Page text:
An end to wandering around the 45th Parallel
Also, beer tour and why you don’t want to be stuck behind a truck full of sheep
I left Wanaka this morning in cold weather under high overcast. It was the first really grey day and seemed to signal a good time to get out. Despite my misgivings about the lakefront center of town on the first night, I really enjoyed it and was sad to leave. I want to go back, hopefully later in the season with warmer and less windy weather. I could spend weeks hiking around this area if the weather were just a bit nicer than I experienced.
Last night was quite windy and got colder than it’s been so far. My roommate and I spent our last morning at a cafe in town after checkout, then we both hit the road going in opposite directions. Such is the reality of meeting people along the way. Perhaps someday we’ll meet again.
I crossed the 45th Parallel southbound for the final time near Cromwell. I’ve been bouncing back and forth across it since my third day on the road and tomorrow I will cross it for the final time northbound. The past 10 days could well be described as “Adventures Around 45 South.” I’m beginning to think I could have just cut everything else out and made that the theme for the full trip.
The road follows the Clutha River from Cromwell, passing two major hydro-power dams and going over a couple of bridges before it finally leaves the river behind. The scenery changes from the rough granite mountains of the Wanaka/Queenstown region to sedimentary formations that are occasionally eroded into weird shapes. I noted that the snow level had dropped significantly. There was recent snow on low hills near the road as I descended to the coastal plain. I suspect this is from a combination of last night’s cold weather and coastal wetness.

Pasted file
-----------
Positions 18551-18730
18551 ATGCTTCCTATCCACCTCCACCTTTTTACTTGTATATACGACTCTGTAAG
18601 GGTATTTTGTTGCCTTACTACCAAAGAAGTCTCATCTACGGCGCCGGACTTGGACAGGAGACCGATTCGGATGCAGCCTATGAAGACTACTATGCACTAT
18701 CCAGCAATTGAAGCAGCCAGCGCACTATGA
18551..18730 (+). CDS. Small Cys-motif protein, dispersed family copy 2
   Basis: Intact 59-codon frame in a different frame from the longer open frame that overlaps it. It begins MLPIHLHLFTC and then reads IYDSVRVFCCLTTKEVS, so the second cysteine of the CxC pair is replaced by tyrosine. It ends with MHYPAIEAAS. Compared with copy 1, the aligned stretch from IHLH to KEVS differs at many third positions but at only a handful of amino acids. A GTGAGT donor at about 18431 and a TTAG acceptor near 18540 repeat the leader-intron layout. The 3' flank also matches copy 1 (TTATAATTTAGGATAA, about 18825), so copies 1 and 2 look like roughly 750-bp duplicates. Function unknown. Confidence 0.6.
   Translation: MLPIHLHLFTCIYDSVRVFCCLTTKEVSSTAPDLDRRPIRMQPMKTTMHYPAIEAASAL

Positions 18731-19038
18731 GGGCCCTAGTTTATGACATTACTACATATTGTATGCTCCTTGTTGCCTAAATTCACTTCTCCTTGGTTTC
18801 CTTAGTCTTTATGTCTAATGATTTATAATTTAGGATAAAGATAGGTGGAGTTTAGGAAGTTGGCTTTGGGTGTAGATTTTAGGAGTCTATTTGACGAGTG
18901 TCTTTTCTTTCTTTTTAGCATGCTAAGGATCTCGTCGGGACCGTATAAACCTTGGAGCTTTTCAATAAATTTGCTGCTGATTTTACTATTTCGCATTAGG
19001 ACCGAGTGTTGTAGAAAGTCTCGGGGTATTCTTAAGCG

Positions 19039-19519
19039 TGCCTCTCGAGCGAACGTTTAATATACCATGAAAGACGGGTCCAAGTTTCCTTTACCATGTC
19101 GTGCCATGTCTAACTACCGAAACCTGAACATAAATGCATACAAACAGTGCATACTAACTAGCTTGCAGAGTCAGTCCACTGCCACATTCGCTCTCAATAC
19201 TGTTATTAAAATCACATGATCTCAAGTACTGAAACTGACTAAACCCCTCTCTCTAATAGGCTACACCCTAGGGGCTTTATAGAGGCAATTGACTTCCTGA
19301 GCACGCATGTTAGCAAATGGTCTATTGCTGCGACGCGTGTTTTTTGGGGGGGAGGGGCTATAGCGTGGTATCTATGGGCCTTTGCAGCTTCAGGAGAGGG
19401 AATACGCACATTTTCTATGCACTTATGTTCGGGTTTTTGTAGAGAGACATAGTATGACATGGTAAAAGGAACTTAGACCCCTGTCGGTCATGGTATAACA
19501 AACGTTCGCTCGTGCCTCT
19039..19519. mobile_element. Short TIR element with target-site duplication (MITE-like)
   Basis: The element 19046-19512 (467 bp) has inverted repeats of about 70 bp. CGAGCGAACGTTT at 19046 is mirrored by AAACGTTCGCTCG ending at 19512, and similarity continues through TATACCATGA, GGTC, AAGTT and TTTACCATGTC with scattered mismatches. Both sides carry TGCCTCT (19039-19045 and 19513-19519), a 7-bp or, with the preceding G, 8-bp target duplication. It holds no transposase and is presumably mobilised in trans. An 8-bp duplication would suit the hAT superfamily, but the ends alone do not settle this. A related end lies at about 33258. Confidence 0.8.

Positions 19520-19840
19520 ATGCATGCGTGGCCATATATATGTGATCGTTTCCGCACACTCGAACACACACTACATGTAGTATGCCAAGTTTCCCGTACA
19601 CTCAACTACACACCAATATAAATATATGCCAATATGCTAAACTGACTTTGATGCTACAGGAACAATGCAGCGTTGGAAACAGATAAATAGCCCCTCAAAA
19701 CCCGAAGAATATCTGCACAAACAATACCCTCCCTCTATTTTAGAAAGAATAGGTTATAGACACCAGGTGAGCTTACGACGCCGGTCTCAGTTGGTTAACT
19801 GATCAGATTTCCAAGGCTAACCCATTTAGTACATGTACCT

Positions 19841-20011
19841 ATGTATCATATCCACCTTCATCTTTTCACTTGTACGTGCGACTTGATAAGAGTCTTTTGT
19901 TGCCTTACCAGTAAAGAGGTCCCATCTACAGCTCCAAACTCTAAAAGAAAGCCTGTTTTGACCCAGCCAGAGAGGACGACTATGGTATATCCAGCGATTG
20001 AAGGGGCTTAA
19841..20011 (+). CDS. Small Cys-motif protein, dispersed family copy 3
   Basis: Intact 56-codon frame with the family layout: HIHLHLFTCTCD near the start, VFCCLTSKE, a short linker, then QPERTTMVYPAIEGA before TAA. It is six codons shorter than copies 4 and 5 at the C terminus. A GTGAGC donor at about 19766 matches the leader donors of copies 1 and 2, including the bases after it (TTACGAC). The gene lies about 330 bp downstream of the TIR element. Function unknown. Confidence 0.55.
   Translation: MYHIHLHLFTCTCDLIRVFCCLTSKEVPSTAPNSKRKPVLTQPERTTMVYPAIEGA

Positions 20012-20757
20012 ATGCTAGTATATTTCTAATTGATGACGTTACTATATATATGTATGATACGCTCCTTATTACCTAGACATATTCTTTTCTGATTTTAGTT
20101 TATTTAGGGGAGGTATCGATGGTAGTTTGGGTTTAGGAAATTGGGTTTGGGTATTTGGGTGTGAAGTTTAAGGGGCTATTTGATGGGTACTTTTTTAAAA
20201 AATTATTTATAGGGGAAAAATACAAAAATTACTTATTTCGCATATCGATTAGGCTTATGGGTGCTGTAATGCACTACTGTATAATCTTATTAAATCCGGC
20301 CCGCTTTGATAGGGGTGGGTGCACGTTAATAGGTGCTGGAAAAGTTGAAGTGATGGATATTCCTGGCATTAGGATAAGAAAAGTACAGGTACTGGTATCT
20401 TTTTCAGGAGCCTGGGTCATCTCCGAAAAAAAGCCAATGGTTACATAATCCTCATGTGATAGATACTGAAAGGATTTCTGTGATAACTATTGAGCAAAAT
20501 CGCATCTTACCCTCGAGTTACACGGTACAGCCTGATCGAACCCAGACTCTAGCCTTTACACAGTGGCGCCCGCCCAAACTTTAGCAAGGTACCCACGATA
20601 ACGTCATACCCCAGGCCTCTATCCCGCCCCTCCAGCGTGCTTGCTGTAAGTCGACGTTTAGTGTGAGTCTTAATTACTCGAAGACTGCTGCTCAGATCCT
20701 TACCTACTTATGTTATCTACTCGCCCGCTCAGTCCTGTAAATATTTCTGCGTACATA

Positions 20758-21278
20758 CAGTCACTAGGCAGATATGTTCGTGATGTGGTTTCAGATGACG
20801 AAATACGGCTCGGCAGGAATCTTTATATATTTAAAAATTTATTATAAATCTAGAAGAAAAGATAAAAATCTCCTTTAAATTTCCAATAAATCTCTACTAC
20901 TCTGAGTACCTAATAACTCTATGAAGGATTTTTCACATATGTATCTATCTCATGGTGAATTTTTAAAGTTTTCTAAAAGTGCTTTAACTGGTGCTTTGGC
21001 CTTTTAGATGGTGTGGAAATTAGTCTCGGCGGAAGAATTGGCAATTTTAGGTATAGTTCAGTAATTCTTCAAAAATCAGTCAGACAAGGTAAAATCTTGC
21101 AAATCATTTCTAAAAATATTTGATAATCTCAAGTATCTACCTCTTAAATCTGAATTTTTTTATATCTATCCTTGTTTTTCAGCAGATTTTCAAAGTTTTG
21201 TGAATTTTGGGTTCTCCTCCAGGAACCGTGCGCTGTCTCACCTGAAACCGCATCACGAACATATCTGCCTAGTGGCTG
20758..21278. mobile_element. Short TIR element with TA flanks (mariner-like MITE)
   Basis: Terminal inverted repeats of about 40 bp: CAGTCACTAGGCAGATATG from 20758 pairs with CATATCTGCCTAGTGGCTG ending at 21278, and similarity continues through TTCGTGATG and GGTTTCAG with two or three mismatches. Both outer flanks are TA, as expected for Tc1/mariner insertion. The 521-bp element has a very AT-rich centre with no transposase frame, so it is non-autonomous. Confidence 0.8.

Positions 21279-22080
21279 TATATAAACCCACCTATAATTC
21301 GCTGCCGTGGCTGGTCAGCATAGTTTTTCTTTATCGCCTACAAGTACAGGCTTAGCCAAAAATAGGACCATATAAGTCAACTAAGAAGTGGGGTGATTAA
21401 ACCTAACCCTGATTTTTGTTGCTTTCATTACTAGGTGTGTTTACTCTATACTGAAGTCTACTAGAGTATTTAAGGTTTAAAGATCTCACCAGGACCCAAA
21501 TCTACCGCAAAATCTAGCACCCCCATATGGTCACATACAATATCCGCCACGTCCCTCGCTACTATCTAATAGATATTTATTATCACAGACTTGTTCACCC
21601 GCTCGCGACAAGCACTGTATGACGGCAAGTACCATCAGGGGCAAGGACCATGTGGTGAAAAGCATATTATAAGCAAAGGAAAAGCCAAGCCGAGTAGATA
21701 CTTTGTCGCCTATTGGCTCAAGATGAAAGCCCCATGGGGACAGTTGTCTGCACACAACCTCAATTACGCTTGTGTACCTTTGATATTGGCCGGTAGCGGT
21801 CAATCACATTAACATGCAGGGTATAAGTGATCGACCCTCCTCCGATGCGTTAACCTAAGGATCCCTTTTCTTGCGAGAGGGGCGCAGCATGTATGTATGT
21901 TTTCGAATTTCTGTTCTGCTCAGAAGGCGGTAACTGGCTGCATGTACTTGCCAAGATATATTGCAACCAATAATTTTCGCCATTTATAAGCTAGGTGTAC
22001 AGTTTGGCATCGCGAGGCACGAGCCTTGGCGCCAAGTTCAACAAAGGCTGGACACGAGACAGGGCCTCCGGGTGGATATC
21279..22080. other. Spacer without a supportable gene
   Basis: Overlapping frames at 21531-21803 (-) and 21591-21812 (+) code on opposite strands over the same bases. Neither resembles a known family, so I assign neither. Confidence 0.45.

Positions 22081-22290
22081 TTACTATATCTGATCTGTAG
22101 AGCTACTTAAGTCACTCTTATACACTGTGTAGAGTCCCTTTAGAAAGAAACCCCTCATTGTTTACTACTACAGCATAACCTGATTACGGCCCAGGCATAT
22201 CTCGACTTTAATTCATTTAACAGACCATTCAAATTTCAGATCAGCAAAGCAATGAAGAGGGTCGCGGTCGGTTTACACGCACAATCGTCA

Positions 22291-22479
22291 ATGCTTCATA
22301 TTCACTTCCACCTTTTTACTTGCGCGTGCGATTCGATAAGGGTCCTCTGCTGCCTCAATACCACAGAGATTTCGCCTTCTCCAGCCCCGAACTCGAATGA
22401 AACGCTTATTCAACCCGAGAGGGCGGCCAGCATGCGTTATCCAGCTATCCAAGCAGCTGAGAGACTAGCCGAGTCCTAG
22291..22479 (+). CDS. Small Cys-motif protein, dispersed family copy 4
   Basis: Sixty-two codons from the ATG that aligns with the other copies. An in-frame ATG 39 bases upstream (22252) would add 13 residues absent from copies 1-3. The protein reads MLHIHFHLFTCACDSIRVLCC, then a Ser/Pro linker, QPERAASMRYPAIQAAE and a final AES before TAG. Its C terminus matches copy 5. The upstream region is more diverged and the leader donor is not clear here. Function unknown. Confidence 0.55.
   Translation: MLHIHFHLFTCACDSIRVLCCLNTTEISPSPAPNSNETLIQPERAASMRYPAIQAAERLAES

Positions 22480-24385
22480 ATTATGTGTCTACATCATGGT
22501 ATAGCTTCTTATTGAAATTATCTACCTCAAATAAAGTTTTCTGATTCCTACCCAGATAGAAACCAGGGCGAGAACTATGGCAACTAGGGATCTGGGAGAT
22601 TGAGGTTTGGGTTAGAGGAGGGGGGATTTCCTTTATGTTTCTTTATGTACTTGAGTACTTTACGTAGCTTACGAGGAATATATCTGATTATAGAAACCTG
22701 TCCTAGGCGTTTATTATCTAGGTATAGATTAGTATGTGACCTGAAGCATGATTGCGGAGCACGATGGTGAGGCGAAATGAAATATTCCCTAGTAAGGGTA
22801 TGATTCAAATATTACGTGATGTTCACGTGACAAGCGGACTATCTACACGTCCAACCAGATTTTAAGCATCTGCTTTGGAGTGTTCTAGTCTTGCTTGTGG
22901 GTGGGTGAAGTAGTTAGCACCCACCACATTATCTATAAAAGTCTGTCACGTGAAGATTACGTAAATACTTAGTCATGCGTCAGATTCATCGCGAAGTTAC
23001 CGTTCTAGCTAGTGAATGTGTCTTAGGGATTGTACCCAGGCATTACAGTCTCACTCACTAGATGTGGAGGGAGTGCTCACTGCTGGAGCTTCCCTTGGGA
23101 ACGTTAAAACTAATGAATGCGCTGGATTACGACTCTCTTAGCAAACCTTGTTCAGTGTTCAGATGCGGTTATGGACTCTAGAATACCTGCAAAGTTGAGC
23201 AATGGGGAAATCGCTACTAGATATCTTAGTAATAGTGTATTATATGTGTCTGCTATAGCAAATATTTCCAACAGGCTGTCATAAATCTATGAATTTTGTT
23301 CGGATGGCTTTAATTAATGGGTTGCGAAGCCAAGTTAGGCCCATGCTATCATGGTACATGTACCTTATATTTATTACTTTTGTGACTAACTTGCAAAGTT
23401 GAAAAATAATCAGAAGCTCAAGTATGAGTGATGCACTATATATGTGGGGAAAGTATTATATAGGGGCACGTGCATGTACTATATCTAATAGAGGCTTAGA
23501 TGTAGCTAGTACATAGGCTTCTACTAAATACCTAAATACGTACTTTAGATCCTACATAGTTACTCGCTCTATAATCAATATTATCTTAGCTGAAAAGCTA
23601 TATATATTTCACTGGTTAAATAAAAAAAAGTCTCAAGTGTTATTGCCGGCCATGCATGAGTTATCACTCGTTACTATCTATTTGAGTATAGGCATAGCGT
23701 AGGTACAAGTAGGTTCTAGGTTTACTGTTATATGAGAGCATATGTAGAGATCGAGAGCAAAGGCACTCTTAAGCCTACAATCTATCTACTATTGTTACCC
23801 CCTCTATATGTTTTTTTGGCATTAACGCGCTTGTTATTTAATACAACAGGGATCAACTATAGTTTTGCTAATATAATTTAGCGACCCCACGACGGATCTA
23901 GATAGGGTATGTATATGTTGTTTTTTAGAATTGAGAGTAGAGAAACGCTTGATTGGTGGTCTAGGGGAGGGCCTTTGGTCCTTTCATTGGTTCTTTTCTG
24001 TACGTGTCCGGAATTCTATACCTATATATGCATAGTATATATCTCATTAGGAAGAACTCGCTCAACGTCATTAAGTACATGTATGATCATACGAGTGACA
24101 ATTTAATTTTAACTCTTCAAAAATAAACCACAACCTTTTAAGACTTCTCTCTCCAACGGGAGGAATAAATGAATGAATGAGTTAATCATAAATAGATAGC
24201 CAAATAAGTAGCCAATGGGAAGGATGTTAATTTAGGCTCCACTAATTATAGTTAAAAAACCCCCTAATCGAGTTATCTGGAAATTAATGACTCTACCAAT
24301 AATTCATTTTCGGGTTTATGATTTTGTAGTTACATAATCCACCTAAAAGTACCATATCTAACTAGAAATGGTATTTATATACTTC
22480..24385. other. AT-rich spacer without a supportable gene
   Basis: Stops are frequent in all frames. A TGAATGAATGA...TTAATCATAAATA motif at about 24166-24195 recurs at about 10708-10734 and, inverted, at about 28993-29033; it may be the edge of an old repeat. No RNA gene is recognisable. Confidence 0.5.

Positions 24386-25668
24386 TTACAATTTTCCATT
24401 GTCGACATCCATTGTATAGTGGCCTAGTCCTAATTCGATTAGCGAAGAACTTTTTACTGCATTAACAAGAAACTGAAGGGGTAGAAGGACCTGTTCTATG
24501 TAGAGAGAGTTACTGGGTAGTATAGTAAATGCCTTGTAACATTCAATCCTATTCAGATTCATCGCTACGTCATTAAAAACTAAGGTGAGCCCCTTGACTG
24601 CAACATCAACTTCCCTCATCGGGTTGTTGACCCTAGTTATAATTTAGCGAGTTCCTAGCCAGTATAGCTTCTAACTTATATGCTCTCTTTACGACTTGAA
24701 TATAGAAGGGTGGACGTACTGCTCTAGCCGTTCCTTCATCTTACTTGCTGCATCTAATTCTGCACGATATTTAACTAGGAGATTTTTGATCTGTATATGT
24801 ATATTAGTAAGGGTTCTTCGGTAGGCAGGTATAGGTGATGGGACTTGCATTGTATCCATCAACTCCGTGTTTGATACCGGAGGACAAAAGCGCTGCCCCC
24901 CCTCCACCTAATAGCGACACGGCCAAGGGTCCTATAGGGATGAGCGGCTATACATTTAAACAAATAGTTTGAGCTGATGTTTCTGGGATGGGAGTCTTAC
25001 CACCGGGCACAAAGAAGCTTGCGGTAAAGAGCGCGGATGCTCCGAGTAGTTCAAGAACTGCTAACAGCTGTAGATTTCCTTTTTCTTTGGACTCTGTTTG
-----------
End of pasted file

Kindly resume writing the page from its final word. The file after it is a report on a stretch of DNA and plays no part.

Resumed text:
At some point I’ll write about traveling around NZ in general, but I will say the following: never, ever, ever get caught in an open vehicle, in a no-passing zone, behind a truck full of sheep. To say they stink does not do justice to the experience. It’s not much of an issue when you ride past a field full of them, but the concentrated odor coming off a double-trailer packed with them makes for a less-than-pleasant riding experience, particularly when the truck is going slow and you can’t find a spot to pass. They are part of the lifeblood of this region so one can’t complain too much, but try not to be behind them. At the very least follow at a significant distance until you can pass.
Dunedin is a smaller city and I was only 10 minutes walk from the center. Not much going on on a Tuesday night unless you enjoy watching cricket. I have never been able to figure that game out.
I took in the Speight’s Brewery tour that runs through the beer-making process from the top floor of this gravity-fed facility to the bottom. Much of what they show you is unused historical equipment that is preserved only for the tourist traffic. Though highly touted as one of the things you “have” to do, it’s a bit of a tourist trap and was kind of disappointing. I’m now thinking I would have done better to take a different route and intercepted the coast north of here.
Given that my current household makeup is majority-feline, I was amused to hear that old Mr. Speight realized that mice were getting into his barley and brought in an army of cats to address the problem. The cats were present when the current building was remodeled, so their paw-prints can still be seen in the concrete.
Tomorrow will be a day of riding to Christchurch. Then Rogue One at midnight.